Tight Control of Blood Pressure
control of blood pressure is important, even if proteinuria is not
present. The current recommendations aim for a blood pressure reading of
less than 130/80 if no proteinuria is present. If proteinuria is
present, the blood pressure goal is lowered to 125/75. These are just
general guidelines, however.
diabetic nephropathy, where higher than normal blood pressure often
accompanies diabetes, it can be difficult in some people to maintain a
top blood pressure number in the low 120s and a bottom number in the low
to mid 70s. In addition to advocating lifestyle changes, your doctor
may need to prescribe additional medications to lower the blood
pressure. You will likely be asked to monitor your blood pressures at
home; you should get into the habit of doing so if you are not already.
Use of ACE Inhibitors or ARBs
addition to lowering blood pressure, these two classes of medications
also protect the kidneys, as they can reduce protein levels in the
urine. Angiotensin converting enzyme (ACE) inhibitors and anglotension
rear blockers (ARBs) work by blocking different espects of the RAA
system, In doing so, they lessen the inflammatory response.
of ACE inhibitors include lisinopril (Zestril), enalapril (Vasotec),
and ramipril (Altace). Examples of commonly used ARBs include olmesartan
(Benicar), valsartan (Diovan), telmisartan dis) and irbesartan
your doctor prescribes a medication from either of these two classes,
it is important to be aware of possible side effects. For instance, ACE
inhibitors can cause a hacking type cough, which can occur any time
after the medication is started. In a very small percentage of people,
ACE inhibitors can cause a life-threatening reaction called angioedema
(angie-o-edema), a type of allergic reaction which causes swelling of
the tongue or vocal cords. If it happens to you, stop the medication and
call your doctor or 911 immediately.
possible side effect of ACE inhibitors and ARBs is an increased
potassium level. About one week after taking the medication, blood work
should be done to check the potassium level and monitor kidney function.
A very high potassium level can affect the heart, so this needs to be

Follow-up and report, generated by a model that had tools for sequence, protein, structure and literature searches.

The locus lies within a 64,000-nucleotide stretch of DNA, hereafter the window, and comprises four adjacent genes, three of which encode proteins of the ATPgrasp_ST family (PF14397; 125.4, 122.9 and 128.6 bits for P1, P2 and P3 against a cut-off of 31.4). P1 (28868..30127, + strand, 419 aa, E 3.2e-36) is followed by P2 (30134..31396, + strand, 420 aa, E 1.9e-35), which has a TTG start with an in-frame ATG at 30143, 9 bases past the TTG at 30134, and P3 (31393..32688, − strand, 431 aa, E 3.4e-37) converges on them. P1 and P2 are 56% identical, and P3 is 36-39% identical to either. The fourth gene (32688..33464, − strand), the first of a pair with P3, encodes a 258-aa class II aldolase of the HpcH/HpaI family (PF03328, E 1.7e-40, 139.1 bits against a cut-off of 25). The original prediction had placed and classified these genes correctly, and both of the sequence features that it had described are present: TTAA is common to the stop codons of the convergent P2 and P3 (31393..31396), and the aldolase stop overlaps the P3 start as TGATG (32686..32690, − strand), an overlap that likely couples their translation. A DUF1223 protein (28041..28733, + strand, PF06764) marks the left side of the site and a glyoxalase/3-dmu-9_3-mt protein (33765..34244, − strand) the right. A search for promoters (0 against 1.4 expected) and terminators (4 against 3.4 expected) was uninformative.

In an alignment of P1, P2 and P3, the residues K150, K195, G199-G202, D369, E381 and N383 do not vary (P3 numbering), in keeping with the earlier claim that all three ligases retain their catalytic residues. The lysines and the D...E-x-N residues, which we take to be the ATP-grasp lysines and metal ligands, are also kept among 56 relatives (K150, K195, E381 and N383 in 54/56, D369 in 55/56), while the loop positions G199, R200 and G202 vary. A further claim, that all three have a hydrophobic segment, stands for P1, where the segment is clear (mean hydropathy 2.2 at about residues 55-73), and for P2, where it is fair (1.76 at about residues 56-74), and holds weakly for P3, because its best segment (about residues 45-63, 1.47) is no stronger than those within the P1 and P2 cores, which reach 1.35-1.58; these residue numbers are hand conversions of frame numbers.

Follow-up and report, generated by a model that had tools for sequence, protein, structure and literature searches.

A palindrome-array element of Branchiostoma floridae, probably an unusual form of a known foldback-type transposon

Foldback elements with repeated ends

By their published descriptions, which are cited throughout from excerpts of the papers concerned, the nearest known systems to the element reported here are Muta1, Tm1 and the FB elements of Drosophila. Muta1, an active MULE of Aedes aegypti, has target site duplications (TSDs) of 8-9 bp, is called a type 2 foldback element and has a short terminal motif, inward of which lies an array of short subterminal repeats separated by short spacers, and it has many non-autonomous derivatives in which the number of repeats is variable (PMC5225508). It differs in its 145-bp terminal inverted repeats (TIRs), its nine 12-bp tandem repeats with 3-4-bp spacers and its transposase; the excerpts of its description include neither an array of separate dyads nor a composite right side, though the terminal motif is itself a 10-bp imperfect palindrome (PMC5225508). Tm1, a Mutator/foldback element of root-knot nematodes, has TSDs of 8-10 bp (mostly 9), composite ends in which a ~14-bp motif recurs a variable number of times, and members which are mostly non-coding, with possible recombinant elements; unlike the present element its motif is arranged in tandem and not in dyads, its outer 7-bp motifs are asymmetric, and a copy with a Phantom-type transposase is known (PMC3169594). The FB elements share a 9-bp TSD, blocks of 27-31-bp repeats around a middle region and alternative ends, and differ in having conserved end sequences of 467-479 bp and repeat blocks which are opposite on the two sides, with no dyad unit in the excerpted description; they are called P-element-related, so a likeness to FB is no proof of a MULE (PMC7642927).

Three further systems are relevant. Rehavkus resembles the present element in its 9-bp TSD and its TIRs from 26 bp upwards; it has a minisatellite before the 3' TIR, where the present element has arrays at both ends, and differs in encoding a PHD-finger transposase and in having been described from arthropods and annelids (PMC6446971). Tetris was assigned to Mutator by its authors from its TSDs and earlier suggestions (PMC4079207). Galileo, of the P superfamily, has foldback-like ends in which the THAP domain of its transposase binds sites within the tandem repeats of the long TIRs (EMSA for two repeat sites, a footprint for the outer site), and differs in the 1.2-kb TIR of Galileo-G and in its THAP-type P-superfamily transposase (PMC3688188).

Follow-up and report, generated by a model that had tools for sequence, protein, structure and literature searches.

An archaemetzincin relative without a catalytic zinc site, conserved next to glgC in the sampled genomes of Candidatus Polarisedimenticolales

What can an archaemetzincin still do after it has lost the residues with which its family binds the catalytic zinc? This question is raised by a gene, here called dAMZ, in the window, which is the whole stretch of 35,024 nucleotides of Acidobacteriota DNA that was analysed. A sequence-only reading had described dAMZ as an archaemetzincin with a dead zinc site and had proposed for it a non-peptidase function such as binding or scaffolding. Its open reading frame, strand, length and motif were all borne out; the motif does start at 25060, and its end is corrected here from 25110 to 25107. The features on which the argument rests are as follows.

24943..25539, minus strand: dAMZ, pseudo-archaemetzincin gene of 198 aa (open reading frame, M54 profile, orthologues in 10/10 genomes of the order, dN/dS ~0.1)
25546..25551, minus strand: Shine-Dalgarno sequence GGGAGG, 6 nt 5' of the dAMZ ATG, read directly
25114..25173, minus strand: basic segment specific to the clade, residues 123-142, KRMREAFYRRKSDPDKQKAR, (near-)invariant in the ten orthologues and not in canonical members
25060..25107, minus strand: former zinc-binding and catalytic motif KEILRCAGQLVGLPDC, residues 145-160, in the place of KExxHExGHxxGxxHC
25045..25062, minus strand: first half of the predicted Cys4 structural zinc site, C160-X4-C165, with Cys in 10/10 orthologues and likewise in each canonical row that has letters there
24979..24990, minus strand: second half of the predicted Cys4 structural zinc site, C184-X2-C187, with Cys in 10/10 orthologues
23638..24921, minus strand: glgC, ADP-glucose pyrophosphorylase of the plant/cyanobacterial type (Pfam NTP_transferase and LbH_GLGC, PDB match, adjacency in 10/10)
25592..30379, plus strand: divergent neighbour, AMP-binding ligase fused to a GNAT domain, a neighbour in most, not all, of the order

watched closely. Some people with diabetes normally have
higher-than-normal potassium levels, because diabetes can affect the
kidneys ability to rid the body of excess potassium. If that is the
case, you may not be able to take medications from either of these two
you are unable to take an ACE Inhibitor or ARB, there are other
prescribed medications that can decrease protein levels. A class of
medications called the aldosterone antagoniss - spironolactone
(Aldactone) and eplerenone (Inspra) - has been shown to reduce protein
levels. Another medication called aliskiren (Tekturna) has shown a
decrease in proteinuria in those who took it over a six month period.
Other medications that can reduce protein levels are verapamil (Calan)
and diltiazem (Cardizem), members of a class of blood pressure
medications called calcium channel blockers.
them, your blood pressure, potassium level, and kidney function need to
be closely watched, and you need to be aware of all of their side
effects. A common side effect
of spironolactone (Aldactone) is breast tenderness, which may require
either reducing the dose or stopping the medication entirely.
The calcium channel blockers listed here won't affect potassium levels.
As medications in this class can slow your heart rate, your doctor will
be watching your blood pressure and pulse carefully to be sure they
don't drop too much.
Tight Control of Cholesterol and Triglycerides
cholesterol and triglyceride levels can affect kidney function through
their effects on oxidative stress and worsening inflammation. Lowering
these levels can help improve kidney function and overall health. In
addition to lifestyle changes that can lower cholesterol and
triglyceride levels - such as changing to more of a vegetable-based diet
and exercising - commonly prescribed medication classes include
fibrates, which lower triglyceride levels, and statins, which lower the
"bad" or LDL cholesterol. Statins may also reduce protein levels and are thought to have an anti-inflammatory effect, as well.
Examples of statins include atorvastatin (Lipitor) and simvastatin (Zocor). The fibrates include fenofibrate (Tricor).
Blood work that monitors liver function needs to be done frequently after starting medication from either of these two classes.
Call your doctor immediately if you develop unexplained pain or
cramping in your arms or legs, as it may be secondary to these
medications. An uncommon reaction in the form of muscle damage due to
the medications called rhabdomyolysis (rab-doe-myo-lyciss) can develop;
if severe enough, it can cause kidney failure. Statins can affect
memory, and you should be aware of this, as well.
There are some great books published by Square One Publishers concerning options for lowering cholesterol, including Natural Alternatives to Lipitor, Zocor, & Other Statin Drugs. But
be sure to talk with your doctor before starting any medication to make
sure it is okay to take with kidney disease. Concerning statins, pay
attention to the dosage your doctor prescribes. Many of the side effects discussed above are seen with higher dosages, and dosage adjustments may need to be made if kidney disease is present. To find out more, you can check out Can Kidney Failure Cause High Blood Pressure.